Schroder Exempt Property Unit Trust and another v. Birmingham City Council  EWHC 2207
A landlord is liable for business rates where a tenant's lease is disclaimed, even if the landlord does not take possession of the property following a disclaimer.
When a liquidator disclaims a lease, the disclaimer operates to determine the rights, interests and liabilities of the tenant in the disclaimed lease. However, the disclaimer does not affect the rights or liabilities of guarantors pursuant to the lease (section 178 of the Insolvency Act 1986, Hindcastle Limited v. Barbara Attenborough Associates Limited ).
Therefore, in the event of a disclaimer, a landlord can still seek to recover rent from (for example) a former tenant of a new lease who provided an Authorised Guarantee Agreement (AGA) guaranteeing the insolvent tenant's performance of a new lease.
What then is the position in respect of disclaimer and rates? Absent the disclaimer, the tenant is the person with liability for business rates as the person entitled to possession of the property (sections 45(1) and 65(1) of the Local Government Finance Act 1988). In the event of tenant insolvency and the property being vacated during administration or liquidation, an empty rates exemption will apply, otherwise rates will be payable as an expense of the administration or liquidation.
Focusing on the point at which the lease is disclaimed, in Schroder it has been held that the landlord is the person with liability for payment of rates.
The facts of Schroder are straightforward. A lease was granted to a tenant who assigned the lease and provided an AGA guaranteeing the assignee's obligations pursuant to the lease. The assignee was ultimately liquidated and the lease was disclaimed. The assignee was not in occupation of the property the subject of the lease when the lease was disclaimed.
The landlord recovered rent on a continuing basis from the original tenant pursuant to the tenant's AGA. The local authority sought to recover rates following the disclaimer from the landlord and obtained a liability order. The local authority appealed - the issue to be determined being whether the landlord was entitled to immediate possession of the property following the disclaimer.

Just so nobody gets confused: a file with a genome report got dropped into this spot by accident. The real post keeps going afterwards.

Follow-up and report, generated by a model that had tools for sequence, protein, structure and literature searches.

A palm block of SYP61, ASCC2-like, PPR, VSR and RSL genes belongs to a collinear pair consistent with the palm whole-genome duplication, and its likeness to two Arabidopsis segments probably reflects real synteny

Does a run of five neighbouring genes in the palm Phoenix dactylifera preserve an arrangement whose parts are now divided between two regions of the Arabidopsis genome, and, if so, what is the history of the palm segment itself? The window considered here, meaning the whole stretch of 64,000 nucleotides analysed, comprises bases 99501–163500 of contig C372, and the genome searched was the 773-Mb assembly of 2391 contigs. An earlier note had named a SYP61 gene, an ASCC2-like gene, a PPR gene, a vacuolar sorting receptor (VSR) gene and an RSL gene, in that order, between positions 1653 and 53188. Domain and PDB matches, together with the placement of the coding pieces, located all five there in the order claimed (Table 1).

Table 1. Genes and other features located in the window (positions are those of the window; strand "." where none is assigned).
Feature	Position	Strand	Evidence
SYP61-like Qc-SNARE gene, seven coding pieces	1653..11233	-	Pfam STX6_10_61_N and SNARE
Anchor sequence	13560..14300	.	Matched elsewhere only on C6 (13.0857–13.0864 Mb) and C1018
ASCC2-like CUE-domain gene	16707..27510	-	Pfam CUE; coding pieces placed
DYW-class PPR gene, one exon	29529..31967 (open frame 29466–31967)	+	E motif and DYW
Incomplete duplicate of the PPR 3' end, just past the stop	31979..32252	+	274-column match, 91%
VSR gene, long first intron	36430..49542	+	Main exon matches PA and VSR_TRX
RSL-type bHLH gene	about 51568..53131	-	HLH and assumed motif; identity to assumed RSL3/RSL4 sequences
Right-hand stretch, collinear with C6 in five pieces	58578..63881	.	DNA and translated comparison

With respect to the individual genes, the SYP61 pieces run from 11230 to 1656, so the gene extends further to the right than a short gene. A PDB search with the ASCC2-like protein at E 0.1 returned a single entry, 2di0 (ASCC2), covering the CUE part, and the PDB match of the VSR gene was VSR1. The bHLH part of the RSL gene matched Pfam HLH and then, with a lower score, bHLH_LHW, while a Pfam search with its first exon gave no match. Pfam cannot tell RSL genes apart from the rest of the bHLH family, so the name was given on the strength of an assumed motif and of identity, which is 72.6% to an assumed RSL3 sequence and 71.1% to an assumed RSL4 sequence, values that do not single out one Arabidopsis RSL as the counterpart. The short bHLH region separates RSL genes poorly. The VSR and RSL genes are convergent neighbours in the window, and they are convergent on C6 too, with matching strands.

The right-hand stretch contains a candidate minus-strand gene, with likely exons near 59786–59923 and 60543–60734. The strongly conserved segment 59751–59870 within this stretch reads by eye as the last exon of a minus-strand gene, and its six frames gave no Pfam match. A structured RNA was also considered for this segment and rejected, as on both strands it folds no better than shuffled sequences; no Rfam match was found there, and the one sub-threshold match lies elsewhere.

The court held that this was the case and the landlord was therefore directly liable for the rates, and not the former tenant who guaranteed the assignee. It was confirmed that the disclaimer extinguishes the lease and accelerates the landlord's reversion. The effect of this is that the landlord has an immediate right to possession. The guarantor remained liable to pay sums equivalent to the rent that would otherwise have been payable pursuant to the lease, pursuant to the AGA. The guarantor does not pay rent as rent under the lease as there is no longer any lease following a disclaimer. Therefore, the guarantor does not somehow step into the shoes of the assignee, save in respect of possession of the property.
Any right on the part of the guarantor to demand an over riding lease is subsequent to the landlord's more immediate right to possession. Therefore, the fact that a guarantor can end up in possession does not constitute an immediate right and the guarantor is required to elect to exercise its right. This is different from the situation the landlord finds itself in, as the landlord has no election to make - it simply has the immediate right to possession upon the disclaimer (and the liability for rates that comes with this 'right').
The case confirms what many considered the correct legal position to have been. There is a logic in the landlord being directly liable as the lease is at an end and the landlord is entitled to possession at that point in time. To hold otherwise would likely offend policy and prevent recovery of rates by local authorities.
The landlord is also not left without remedy in many situations. It would be expected that any original tenant providing an AGA or any other guarantor of a tenant in occupation would be liable for all liabilities that fall due pursuant to the lease. In the event of default, e.g. non-payment of rates, the guarantor is responsible for this. As a result, whilst the local authority need only pursue the landlord following disclaimer, the landlord may well have a remedy against another party in any event to off set the liability to the local authority.
The landlord may not be so fortunate in cases where a guarantee is void or insufficiently wide, or where there is no guarantee at all. Where that is the case, the landlord should seek to mitigate its position by relying on any empty rates exemptions and adopting other methods to preserve itself against an unwelcome bill from the local authority.